I am so sorry I did not manage to get back to you last week, and you are right - I absolutely already recommended your paper for publication. But I also wanted to read it again:-) I so love what you have done to the paper! I fully support the comments of Moira and Swaroop. I particularly liked Moira's comment ...holes I dug for myself and other believing I was helping people to liberate themselves..." This was so scary to me that I almost did not have the courage to go to Tanzania, but then I have to believe that people through the helplessness and naivety see the true wish of doing good. I truly love the way your paper comes through as inclusional (Alan Rayner) in the way you have responded to our comments. And I particularly now love your conclusion. The paper comes through to me as so much more than a proof of you living your values, it is highly inspirational - I get new ideas of how I can encourage my students to find their voices and influence their surroundings. This is living educational theory that I need for my further education and development as a teacher. Thank you all for the fruitful collaboration! Congratultaions on you valuable paper, Pip!


All the best,

Sigrid

Picture of Pip Bruce Ferguson
Re: Who am I who teaches?
by Pip Bruce Ferguson - Friday, 24 April 2015, 9:39 AM
 

Thanks so much for your kind comments Sigrid. It has been great making a connection with you and your work again and I'm so pleased it has given you an idea or two for your own practice. That's how I think we all get better - constantly staying open to better ways of doing things than we currently know. And I love your 'have to believe that people through the helplessness and naivety see the true wish of doing good'. It is that hope that keeps me going even when I am terrified of getting things wrong.

Warm regards

Pip

petemellett
Re: Who am I who teaches?
by Peter Mellett - Thursday, 16 April 2015, 5:43 PM
 

Pip -

I have been asked by Marie to read your paper and pass on my opinion as to whether it is ready for publication. For me, the answer is 'Yes' - with several exclamation marks afterwards. I have not read any of the other reviewers' responses so I hope the following adds something to what has already been said.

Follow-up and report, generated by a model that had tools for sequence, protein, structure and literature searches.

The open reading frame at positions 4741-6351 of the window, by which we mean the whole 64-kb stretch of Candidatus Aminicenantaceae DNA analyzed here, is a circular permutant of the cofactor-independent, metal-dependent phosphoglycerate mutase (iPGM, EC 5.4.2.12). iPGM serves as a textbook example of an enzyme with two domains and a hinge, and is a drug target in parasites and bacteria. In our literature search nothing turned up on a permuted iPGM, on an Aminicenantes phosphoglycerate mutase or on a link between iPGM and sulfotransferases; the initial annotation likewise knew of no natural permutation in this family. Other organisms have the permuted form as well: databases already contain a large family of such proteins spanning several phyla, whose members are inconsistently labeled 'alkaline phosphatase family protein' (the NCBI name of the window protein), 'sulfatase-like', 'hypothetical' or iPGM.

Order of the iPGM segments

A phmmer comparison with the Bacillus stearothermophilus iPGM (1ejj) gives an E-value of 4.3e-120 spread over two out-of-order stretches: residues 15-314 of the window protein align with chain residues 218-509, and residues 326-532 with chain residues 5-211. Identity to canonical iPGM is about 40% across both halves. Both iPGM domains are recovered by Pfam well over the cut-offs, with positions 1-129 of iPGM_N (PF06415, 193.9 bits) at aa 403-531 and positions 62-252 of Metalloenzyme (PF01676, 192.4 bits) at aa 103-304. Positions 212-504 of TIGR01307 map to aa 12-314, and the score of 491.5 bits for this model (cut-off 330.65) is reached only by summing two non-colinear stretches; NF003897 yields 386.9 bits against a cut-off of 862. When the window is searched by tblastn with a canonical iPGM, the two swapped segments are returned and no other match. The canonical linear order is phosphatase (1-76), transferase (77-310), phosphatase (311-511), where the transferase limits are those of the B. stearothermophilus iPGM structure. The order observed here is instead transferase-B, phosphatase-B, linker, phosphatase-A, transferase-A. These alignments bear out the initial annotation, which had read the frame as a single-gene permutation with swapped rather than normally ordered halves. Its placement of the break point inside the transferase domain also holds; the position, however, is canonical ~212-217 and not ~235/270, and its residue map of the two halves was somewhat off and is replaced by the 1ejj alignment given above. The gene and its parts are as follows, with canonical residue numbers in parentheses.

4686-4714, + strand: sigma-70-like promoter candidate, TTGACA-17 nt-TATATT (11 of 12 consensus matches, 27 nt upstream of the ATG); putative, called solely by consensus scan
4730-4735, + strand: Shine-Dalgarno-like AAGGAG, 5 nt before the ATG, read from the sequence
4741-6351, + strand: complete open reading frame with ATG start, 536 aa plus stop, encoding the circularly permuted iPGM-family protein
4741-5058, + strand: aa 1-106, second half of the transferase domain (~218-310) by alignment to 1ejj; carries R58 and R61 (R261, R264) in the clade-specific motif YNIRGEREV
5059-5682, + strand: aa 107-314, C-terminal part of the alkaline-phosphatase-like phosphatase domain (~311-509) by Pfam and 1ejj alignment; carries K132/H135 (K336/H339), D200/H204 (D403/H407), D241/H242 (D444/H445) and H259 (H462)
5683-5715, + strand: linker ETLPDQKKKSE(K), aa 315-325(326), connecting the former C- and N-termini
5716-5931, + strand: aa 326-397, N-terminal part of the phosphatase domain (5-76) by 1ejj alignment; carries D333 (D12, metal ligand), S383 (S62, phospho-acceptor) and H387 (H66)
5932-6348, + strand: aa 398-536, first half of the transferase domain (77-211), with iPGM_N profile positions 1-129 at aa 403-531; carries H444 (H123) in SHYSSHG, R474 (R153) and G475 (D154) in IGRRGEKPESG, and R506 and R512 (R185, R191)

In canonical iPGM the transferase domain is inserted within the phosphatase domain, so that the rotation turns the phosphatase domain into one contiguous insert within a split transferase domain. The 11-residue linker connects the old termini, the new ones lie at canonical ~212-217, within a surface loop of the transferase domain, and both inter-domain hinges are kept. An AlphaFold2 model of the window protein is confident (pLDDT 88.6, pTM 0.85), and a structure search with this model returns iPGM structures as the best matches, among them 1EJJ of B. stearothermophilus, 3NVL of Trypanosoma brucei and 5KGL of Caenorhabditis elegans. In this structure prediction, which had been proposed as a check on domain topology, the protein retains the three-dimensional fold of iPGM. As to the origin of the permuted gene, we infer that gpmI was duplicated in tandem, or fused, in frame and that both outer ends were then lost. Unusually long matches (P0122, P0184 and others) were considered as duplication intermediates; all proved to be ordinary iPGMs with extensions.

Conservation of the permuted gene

Your paper is a model of its kind. The main text hangs nicely between an enticing abstract at the beginning and a conclusion at the end that rounds off the argument satisfactorily and lets the reader back down to the ground without any sense of puzzlement or dissatisfaction. There are no questions or loose ends left hanging in the air and there is not the slightest hint of 'waffle' or circumlocution. It forms a well-structured and concise developmental journey that is written in a clear and engaging style.

But for me, the main attraction is that the story you tell resonates with mine, although we have followed very different life-paths - and it is that resonance of seeing myself reflected in your text and arguments that is the truly educational aspect of this paper. I should like to be a member of a seminar that met to discuss this paper - I think it has something for everyone and everyone will see aspects of their own experience in it. It has a universal quality - and that shows its contribution to LT - and to my lt.

Finally, through your generosity of spirit, you hint at freedom of thought generating the possibility of something that I had always thought impossible - equity and social justice based on right-wing political values. Now what might that look like?

- Pete

Picture of Pip Bruce Ferguson
Re: Who am I who teaches?
by Pip Bruce Ferguson - Friday, 24 April 2015, 9:42 AM
 

Pete, I'm so pleased that you enjoyed the paper. I'm particularly pleased about your 'not the slightest hint of 'waffle' or circumlocution as sometimes I wonder if I am writing as clearly as I might.

And I'm absolutely delighted that you see some resonance. I know you have had a very interesting life-path yourself.

Warm regards

Pip